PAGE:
Her sparkling Iridescence Riesling 2013 shows great vibrancy and appeal but it was her two still wines – the fruit-driven, highly accessible Riesling Loved by Lu 2015 (named after Sue-Ann’s grandma) and the more serious, terroir-focused Robert’s Block 2014 (named in memory of her great, great, great, grandfather who was the founder of this property) that really impressed, confirming that Riesling, particularly when made on such rich limestone soils as these, really is the white go-to grape in Canada.

Charles Baker of Stratus Vineyards certainly wasn’t going to argue with that.

“In Ontario in particular we have the right soil types and the right weather for this grape, and I think going forward you will see more plantings.”

His eponymous Charles Baker Riesling reflected how much weather can impact on this variety; the 2012 (a hot year) was full and forward, whilst the 2013, made in a rainy difficult year where sun barely broke through cloud, is also attractive but shows the difficulties he must have faced in bringing it to bottle.

Likewise his low yield Stratus Cabernet Franc 2013: Baker says the grapes for this were picked in November, something made possible by the benign climate in this sub-region, but necessary because of the minimal light and heat over the summer.

Also in Ontario, Norm Hardie‘s wines are tasting really well – his Chardonnays but especially his excellent Pinot Noirs, now amongst the most highly regarded in Canada – demonstrating the impact a different region and soil can have on the resulting wine.

Hardie’s 2015 Pinot Noir from Niagara Peninsular and his 2014s from the cooler Prince Edward County and his Cuvée L (essentially a blend of these two regions ) should really be tried together but individually they are pretty damn good too, and well priced at around £23 (for the Chardonnay). UK importers for these wines are The Wine Society and Bibendum.

Learnings from this tasting?

Although prices can be pretty high reflecting the essentially boutique nature of many of its producers, Canada is gradually becoming a mainstream wine producing nation.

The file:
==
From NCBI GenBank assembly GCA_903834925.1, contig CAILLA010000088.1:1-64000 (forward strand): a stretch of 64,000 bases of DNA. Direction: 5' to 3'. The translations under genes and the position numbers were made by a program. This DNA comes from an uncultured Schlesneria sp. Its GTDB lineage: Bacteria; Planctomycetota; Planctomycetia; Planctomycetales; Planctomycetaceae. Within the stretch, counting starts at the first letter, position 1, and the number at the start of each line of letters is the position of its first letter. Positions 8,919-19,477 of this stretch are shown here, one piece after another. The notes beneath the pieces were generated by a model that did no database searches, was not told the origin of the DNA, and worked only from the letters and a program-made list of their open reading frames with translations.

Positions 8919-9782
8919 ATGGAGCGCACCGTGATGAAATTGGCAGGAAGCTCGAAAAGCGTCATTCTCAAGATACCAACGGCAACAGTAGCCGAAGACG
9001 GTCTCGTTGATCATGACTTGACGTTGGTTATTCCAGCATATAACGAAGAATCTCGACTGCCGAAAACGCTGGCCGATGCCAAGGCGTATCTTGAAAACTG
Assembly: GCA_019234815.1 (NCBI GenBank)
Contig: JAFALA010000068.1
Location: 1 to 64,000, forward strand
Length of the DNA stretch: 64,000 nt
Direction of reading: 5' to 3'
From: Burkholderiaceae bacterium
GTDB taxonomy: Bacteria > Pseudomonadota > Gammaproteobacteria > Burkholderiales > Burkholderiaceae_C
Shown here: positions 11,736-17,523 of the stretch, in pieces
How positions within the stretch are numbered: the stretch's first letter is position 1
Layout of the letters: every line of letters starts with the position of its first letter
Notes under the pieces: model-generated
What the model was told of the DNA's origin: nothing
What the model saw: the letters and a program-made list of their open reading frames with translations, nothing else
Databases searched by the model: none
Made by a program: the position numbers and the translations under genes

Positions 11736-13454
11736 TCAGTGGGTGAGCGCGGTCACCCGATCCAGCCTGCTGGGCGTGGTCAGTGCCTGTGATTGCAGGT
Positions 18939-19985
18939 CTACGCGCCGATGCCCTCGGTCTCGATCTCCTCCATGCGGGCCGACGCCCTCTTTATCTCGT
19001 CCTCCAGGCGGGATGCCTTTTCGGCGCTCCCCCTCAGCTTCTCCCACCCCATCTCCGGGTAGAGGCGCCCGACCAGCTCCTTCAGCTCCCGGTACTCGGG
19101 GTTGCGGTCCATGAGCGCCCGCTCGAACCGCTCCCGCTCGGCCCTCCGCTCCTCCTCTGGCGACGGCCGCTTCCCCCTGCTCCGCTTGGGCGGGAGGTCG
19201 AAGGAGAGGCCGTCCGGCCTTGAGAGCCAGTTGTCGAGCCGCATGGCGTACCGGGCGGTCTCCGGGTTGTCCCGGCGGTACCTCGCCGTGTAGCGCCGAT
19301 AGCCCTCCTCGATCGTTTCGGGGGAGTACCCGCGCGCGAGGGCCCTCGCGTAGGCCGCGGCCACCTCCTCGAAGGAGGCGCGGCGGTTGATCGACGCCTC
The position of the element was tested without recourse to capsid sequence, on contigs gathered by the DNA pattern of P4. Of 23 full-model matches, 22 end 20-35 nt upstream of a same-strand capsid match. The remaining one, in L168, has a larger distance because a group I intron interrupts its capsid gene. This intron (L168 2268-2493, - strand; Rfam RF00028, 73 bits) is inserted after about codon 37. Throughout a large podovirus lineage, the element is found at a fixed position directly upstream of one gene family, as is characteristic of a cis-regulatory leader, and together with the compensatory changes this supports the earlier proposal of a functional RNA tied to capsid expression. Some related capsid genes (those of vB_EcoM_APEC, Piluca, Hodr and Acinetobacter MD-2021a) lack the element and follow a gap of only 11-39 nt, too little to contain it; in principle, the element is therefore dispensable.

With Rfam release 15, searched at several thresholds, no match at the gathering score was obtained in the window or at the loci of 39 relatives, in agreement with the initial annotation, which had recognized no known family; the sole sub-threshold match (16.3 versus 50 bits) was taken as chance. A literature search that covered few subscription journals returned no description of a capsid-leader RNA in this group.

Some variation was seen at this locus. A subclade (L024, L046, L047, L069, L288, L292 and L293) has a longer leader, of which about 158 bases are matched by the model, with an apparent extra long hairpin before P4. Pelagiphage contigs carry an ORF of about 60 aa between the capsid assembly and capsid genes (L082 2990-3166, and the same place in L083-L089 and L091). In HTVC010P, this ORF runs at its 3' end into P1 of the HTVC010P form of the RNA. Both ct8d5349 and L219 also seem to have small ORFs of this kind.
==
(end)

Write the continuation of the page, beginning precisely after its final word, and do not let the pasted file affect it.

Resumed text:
Many of the wines are becoming more serious and ambitious as its producers become more confident and established. And Ontario, which I felt two years ago somehow lagged British Columbia, is emerging as an ambitious and forward-looking region, although BC seems to be consolidating its own position, especially in the Okanagan Valley.

Although Canada is now on quite a few lists, some of the wines that could be sold successfully in the UK, haven’t had a look in. And this isn’t just because of price.

The excellent sparkling wines made by Nova Scotia producer Benjamin Bridge, for example, have rightly found a strong niche with Friarwood Wines importing them since last year. But how come no one has thought to import their other wines, their moreish 9% cool-climate Riesling or especially the delicious off-dry, lightly sparkling aromatic Nova 7, which checks in at just 6.5%?

Made from a selection of locally grown Muscat varieties, winemaker Jean-Benoit Delausiers assures me this is his best selling wine in Canada, selling for around half the price of his sparkling wines. The fact it comes from Nova Scotia, is delicious and ‘different’ should make it a shoe-in for adventurous consumers here. Yet you can’t find it anywhere.

I get the sense that as Canada continues to expand its offering, and Brits get more accustomed to seeing Canadian wine as a quality product rather than purely a novel curiosity, some importers may be missing a trick.